In 2006 Ebert's cancer resurfaced, this time in the jaw, part of which needed to be removed to keep the nastiness from spreading. After a few weeks of recovery time, he was finally declared ready to return home from the hospital. He got his stuff packed up and let his doctors and nurses pay one last visit before he hit the road. The car was practically running at the hospital entrance, but Roger lingered for a few minutes to listen to Leonard Cohen.

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"Shhhh ... the gangsta rap break is coming up."

And that was when it happened.

An artery in his neck burst, as in broke, as in exploded. Blood spewed from his mouth and pooled at his feet, and everyone looked around for Hugh Laurie and a hidden camera. Once it was confirmed that, no, this was not a surprise taping of House, the nurses and doctors got to work stopping the disaster bleeding. Now imagine if, instead of happening right there in the hospital room, the blood vessel had burst while he was sitting in city traffic.

Instead, the doctors were right there and, after even more surgery, more therapy and more hospital time, Ebert was finally declared well enough to get home and start living his life again.

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A life saved by the one radio station that didn't spend 2006 playing "How to Save a Life" on repeat.

Now, think about if you were the one in that hospital room and you'd just been given the OK to go home. You would have bolted, right? Most of us can't stand hospital rooms longer than it takes to get our face moles removed, let alone long enough to sit through a whole song when we could be on our way home to our Xbox.

Such is the power of Leonard Cohen, we guess.

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"I'd love to stay and chat, but my songs have an asteroid to deflect."

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1
The Pile of Manure That Caused Wars

If you're reading Cracked, or have any sense of history whatsoever, you already know that people from different religions tend to, uh, not always get along.

So it's probably no surprise that in 1600 Europe, a Catholic king named Ferdinand started shutting down Protestant churches like they were head lice and he was a fine-toothed comb. The Protestants called shenanigans (as usual) and said they could build chapels wherever they wanted. Things were so bad that a little get-together was set up at Prague Castle. And, as you can imagine, things quickly spiraled into ridiculous violence.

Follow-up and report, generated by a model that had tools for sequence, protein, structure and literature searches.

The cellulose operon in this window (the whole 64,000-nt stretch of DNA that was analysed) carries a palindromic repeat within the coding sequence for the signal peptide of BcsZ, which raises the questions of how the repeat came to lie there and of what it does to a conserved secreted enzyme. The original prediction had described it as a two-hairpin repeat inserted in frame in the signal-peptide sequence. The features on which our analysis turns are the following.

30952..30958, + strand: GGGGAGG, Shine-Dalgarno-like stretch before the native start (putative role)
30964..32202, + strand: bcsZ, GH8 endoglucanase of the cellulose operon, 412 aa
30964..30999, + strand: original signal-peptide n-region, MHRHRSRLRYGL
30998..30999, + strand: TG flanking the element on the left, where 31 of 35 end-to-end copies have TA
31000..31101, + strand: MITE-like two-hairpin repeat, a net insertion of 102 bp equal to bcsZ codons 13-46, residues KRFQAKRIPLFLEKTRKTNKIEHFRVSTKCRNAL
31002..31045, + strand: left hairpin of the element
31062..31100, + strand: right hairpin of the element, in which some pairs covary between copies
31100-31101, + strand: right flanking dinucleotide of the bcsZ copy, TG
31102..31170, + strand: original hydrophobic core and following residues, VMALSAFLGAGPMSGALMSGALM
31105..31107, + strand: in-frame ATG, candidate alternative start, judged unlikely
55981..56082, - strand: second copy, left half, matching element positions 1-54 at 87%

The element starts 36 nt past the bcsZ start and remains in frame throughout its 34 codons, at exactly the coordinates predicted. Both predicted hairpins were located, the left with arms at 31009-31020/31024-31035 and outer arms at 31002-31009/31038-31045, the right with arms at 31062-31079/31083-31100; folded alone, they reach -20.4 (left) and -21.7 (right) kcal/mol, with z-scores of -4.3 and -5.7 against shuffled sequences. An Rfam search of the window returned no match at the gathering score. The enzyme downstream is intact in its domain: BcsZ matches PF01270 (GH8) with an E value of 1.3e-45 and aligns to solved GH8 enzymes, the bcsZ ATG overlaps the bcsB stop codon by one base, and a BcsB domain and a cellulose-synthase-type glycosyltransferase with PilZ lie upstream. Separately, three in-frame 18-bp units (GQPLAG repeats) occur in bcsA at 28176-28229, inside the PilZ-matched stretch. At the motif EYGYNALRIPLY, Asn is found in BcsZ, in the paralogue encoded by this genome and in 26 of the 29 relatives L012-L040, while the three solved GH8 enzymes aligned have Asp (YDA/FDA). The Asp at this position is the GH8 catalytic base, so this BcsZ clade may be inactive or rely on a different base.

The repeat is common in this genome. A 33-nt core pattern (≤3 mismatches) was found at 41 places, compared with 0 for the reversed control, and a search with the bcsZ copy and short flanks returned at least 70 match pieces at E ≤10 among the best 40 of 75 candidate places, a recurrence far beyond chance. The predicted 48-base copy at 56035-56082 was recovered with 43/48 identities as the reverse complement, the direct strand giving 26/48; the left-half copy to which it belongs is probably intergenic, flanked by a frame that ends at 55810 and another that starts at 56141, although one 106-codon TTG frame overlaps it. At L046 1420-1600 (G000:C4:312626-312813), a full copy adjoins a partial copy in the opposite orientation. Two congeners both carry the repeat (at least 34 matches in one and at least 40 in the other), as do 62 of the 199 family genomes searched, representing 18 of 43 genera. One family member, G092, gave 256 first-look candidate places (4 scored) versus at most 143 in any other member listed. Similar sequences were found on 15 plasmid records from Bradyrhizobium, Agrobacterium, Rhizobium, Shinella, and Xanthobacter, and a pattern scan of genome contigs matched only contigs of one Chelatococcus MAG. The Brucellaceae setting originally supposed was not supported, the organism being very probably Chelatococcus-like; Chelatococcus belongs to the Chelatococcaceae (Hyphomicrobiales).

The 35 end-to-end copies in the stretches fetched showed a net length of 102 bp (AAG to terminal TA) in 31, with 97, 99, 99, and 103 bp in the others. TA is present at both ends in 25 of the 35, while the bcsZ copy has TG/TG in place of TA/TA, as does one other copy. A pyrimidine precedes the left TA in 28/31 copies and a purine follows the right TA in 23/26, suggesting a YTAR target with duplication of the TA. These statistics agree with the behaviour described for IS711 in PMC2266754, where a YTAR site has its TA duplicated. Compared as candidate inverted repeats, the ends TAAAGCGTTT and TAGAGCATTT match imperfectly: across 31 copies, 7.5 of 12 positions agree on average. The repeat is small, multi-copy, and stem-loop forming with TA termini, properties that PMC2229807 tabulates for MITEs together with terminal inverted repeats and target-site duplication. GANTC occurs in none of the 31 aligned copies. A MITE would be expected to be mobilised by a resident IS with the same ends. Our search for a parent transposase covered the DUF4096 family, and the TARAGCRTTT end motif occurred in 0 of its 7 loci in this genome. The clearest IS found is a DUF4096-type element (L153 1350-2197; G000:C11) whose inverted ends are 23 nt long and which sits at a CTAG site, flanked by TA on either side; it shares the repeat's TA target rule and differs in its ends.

Via Wikipedia
Even attempted murder seems jovial when your hats are that hilarious.

The Protestants, led by the ominously named Count Thurn, argued with the Catholics so much that many just started walking out of the meeting. After several hours, only three Catholics remained, including two nobles, Count Slavata and Count Martinitz. While everyone else thought they were to be arrested, Thurn instead pushed them out a window. From 70 feet up. Bada-bing, problem solved, Sopranos style!

Eh, not quite.

The Tiny Thing That Saved the Day:

Maybe we shouldn't call it minor, considering it saved two prominent lives, but a huge pile of shit just happened to be sitting right outside that window. Thurn had forgotten that this was the 1600s, and that the horse was the main method of transportation. And horses poop, like, all the time. You might as well assume that every window in the 1600s had a lifesaving man-high pile of manure under it.

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We're pretty sure if they had been shot at, a horse would have farted Kevlar vests onto them.

Because the counts survived, they went on to inform their superiors of all that had happened (still covered in shit, remember), which would pretty much kick off the Bohemian Revolt AND the Thirty Years War. Had the manure not been there to cushion their fall, the two counts would have most likely died, which would have delayed both the revolt and the war for several months. This would have given both sides more time to prepare for war. This might have changed the outcome of the war (which was a victory for the Protestants) and started a chain reaction of events that could have radically changed history.

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Thanks, assholes.

So if modern Europe has anyone to thank for the way things are today, they should start with a huge pile of shit.

For more tiny details that changed the world, check out 6 Tiny Things That Have Mind-Blowing Global Impacts and 6 Random Coincidences That Created The Modern World.